Military Homosexual Advocates Twist Religious Freedom in Briefs
Activists for military homosexual groups have filed amicus briefs opposing the Masterpiece Cakeshop in its appeal to the US Supreme Court. The bakery was accused of violating state law when it declined to create a cake for a same-sex “wedding” (see records of the case).
Apparently fearing a victory for Masterpiece Cakeshop would inhibit homosexuals’ rights within the military, Ashley Broadway — a self-described homosexual “devout Christian” — of the American Military Partner Association said (with authority):
A business that is open to the public should be open to public — period. LGBT service members and their families sacrifice so much around the world for our country, and the last thing they deserve is to be denied service here at home simply because of who they are.
That’s great. It also has nothing to do with the legal case. Masterpiece Cakeshop was “open to the public — period,” and it was happy to serve gay couples — and had previously done so. The only thing it would not do was make them a wedding cake, because to do so would have made them a participant in the celebration of sin. It would have violated their faith.
Matt Thorn, speaking for another military related homosexual activist group, OutServe-SLDN, contradicted himself in an attempt to redefine religious liberty:
Religious freedom gives us the right to live according to the dictates of our own conscience. It doesn’t give us the right to impose those beliefs on people who want to buy our cakes.
Religious freedom either gives us the right to live according to our faith or it doesn’t, it can’t be both. And, clearly, declining to provide a specific service is not an imposition of beliefs on anyone.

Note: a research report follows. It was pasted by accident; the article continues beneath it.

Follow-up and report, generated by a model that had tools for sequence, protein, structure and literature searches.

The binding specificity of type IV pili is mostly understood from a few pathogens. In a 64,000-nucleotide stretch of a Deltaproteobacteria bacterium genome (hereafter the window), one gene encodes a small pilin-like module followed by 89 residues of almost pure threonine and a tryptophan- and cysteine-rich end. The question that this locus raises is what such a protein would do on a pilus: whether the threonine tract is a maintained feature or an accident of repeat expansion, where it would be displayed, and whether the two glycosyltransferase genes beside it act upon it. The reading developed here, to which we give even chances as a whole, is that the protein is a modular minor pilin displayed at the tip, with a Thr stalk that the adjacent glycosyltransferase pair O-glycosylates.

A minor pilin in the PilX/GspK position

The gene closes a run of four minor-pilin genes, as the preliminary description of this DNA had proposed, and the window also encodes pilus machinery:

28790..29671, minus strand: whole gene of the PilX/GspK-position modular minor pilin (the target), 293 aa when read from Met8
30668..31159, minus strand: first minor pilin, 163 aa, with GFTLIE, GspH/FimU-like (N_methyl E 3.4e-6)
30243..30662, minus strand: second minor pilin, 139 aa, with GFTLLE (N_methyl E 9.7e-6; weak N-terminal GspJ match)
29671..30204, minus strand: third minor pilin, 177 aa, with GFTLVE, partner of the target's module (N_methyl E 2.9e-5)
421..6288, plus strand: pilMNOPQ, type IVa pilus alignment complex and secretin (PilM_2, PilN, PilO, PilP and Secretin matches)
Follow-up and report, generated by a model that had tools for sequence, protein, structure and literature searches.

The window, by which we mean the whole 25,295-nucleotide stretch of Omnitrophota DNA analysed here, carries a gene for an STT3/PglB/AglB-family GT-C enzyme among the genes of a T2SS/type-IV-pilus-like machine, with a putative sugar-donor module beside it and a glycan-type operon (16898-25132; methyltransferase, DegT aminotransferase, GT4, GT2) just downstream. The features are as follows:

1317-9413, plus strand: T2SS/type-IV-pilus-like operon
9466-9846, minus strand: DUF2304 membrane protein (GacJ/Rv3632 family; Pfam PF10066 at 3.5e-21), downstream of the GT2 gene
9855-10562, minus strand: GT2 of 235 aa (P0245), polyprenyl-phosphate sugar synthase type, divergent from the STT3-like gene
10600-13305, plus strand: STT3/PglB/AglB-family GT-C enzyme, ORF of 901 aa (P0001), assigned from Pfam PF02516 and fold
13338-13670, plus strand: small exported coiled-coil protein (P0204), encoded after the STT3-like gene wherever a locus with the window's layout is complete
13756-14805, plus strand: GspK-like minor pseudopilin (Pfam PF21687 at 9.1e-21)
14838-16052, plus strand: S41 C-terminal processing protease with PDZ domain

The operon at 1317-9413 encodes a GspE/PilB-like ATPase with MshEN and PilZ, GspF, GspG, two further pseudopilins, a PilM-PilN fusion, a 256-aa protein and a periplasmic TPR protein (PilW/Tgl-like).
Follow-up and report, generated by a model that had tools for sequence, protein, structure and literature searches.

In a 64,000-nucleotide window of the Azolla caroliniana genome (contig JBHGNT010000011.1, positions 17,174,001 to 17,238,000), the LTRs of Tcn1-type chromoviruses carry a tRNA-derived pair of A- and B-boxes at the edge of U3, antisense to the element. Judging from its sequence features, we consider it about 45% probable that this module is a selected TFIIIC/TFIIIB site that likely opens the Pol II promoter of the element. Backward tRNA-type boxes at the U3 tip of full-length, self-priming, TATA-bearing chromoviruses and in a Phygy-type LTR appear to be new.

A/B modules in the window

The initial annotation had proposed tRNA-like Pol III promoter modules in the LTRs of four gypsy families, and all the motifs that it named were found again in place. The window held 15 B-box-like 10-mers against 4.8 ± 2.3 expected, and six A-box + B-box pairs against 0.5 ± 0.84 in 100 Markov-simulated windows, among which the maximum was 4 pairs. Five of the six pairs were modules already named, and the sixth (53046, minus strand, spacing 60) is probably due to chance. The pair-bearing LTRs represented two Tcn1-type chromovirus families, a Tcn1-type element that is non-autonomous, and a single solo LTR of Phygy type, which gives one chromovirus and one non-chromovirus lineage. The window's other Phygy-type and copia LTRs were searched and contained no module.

In fact, the opposite is true: requiring someone to provide that service is imposing beliefs — on the bakery. Worse, it is the government trying to impose beliefs, something the Constitution prohibits.
How could anyone remotely consider that legal in the United States? Thorn certainly does:
We must never go back to a time where signs displayed in their windows said, ‘you are not welcome here’. Our constitution [sic] does not enshrine discrimination.
The first sentence about welcome signs is a non sequitur. The gay couple in question was perfectly welcome in the bakery, and the bakers were happy to provide them plenty of goods and services — save one, in keeping with their protected religious beliefs.
The second sentence is simply ignorant. Besides the whole amended “3/5ths compromise,” the very idea that a document needs to provide legal protection for ideas or actions has the effect of “enshrin[ing] discrimination.”
The US Constitution does not say that one is allowed to exercise his religion, speech, assembly, etc. without government interference only if those actions or beliefs are non-discriminatory. In fact, such protections imply those things will likely be offensive or even discriminatory. If they weren’t, they wouldn’t need protection inscribed within the very “supreme law of the land.”
No person or business owner should be required to violate their religious tenets to join the marketplace. If the marketplace chooses to punish them for their ideals, so be it, but a pre-emptive attack by those who dislike their beliefs — aided by the government itself — demonstrates nothing but intolerance and bigotry.
When the government chooses to endorse society’s changing morals and then enforces those morals on those whose religious beliefs are contrary, it violates the explicit constitutional restriction that the government may not “inhibit the free exercise” of religion. There can be few clearer examples of “inhibiting the exercise” than to require the opposite exercise that one’s faith demands.
Broadway is right about one thing, though. A loss at the Supreme Court for the homosexual movement would be a significant speedbump in their agenda, and it would run the risk of strengthening religious liberty protections both in society and in the US military.
Neo-sexual activists can’t abide men and women of faith whose mere presence reminds them of their sin, so they must act to eliminate the perceived source of their conviction.
That conviction, though, comes not from a bakery, nor a military chaplain, nor a photographer, but from someone far Higher. May we pray that one day they would be open to that conviction and repent.
Until then, may we support and pray for those who are fighting for liberty, true tolerance, and the right for all to believe and live their lives according to their beliefs.